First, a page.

As with its food pantry, Listen also has seen a spike in demand for its community dinners at its White River Junction location on Maple Street. The dining hall saw visits climb from an average of about 2,000 monthly to 2,700 last month, Zhang said.

Meanwhile, the organization has seen the cost of providing food and meals climb. It’s also become more challenging to predict what might be available on certain days due to supply chain issues. As a result, the organization no longer puts out a monthly menu for its community dinners, Zhang said.

“Protein has been really hard to come by,” Zhang said. “Beef is just far too expensive now.”

The food pantry has tried stocking more pork, which is less expensive, to replace the beef, but that comes with a downside as it’s “not culturally appropriate for everybody,” she said.

Elsewhere, Jenny Copeland, coordinator of the Bradford, Vt. food shelf in the Bradford Academy Building on North Main Street, said demand has recently returned to normal levels after dropping off earlier in the pandemic. In the past six weeks, Copeland said traffic at the food shelf has returned to pre-pandemic levels of about 70 visits per month. There were times earlier in the pandemic when the food shelf had just 30 visits a month and days went by without any.

“I’m guessing that it’s maybe because some people were afraid to come,” Copeland said. “...Later maybe there was so much food that was being given away.”

During the pandemic, Vermont launched the Everyone Eats program, which provides people with prepared meals made by restaurants, and there was the USDA-sponsored Farmers to Families Food Box Program.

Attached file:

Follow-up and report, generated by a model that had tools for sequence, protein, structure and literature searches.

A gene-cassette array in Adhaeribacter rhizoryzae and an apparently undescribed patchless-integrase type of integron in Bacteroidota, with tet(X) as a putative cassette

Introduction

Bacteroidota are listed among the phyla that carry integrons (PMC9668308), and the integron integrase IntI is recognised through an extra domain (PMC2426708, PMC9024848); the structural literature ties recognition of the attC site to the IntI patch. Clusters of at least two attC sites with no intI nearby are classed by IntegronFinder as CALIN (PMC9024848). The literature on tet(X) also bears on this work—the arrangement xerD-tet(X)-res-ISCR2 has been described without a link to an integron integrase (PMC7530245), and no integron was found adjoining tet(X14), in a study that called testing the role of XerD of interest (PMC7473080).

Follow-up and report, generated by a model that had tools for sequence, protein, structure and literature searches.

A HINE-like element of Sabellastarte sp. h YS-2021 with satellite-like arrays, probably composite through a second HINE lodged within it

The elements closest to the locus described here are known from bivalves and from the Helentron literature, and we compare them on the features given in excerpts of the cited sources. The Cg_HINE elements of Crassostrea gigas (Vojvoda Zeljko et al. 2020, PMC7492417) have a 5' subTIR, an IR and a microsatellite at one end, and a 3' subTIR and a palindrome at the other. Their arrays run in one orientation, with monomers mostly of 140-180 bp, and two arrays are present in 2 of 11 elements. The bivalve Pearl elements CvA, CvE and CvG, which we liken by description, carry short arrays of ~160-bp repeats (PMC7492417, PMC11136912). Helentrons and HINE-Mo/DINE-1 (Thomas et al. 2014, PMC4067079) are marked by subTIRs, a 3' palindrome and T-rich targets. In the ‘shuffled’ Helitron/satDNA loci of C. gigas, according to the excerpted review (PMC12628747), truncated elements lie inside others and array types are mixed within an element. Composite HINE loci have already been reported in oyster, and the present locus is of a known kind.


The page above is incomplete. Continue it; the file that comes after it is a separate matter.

Copeland said suspects the recent increase is related to inflation and gas prices, “it stands to reason,” she said.

The Upper Valley Haven, which operates a food shelf in White River Junction, is seeing new people and has people visiting more frequently, Jennifer Fontaine, the Haven’s director of operations, said.

“Everything is going up in price,” Fontaine said, including groceries, gas and heating oil. For people living paycheck to paycheck, who may already have been reliant on charitable food, when “everything goes up, your need is going to go up more.”

People who come to the food bank are often looking for fresh produce, meat and other whole foods, some of the things that have seen the greatest increase in prices, Fontaine said. She noted that eggs and chicken have become harder to find amid the ongoing outbreak of avian flu. The war in Ukraine, which is known as the bread basket of Europe, also is driving up commodity prices.

“The interconnectedness of the whole world is just so clear,” she said. In spite of all the challenges local and global, Fontaine said the organization is “making it work. You just do your best.”

Nora Doyle-Burr can be reached at or 603-727-3213.

Related Content

You make NHPR possible.

NHPR is nonprofit and independent. We rely on readers like you to support the local, national, and international coverage on this website. Your support makes this news available to everyone.

Give today. A monthly donation of $5 makes a real difference.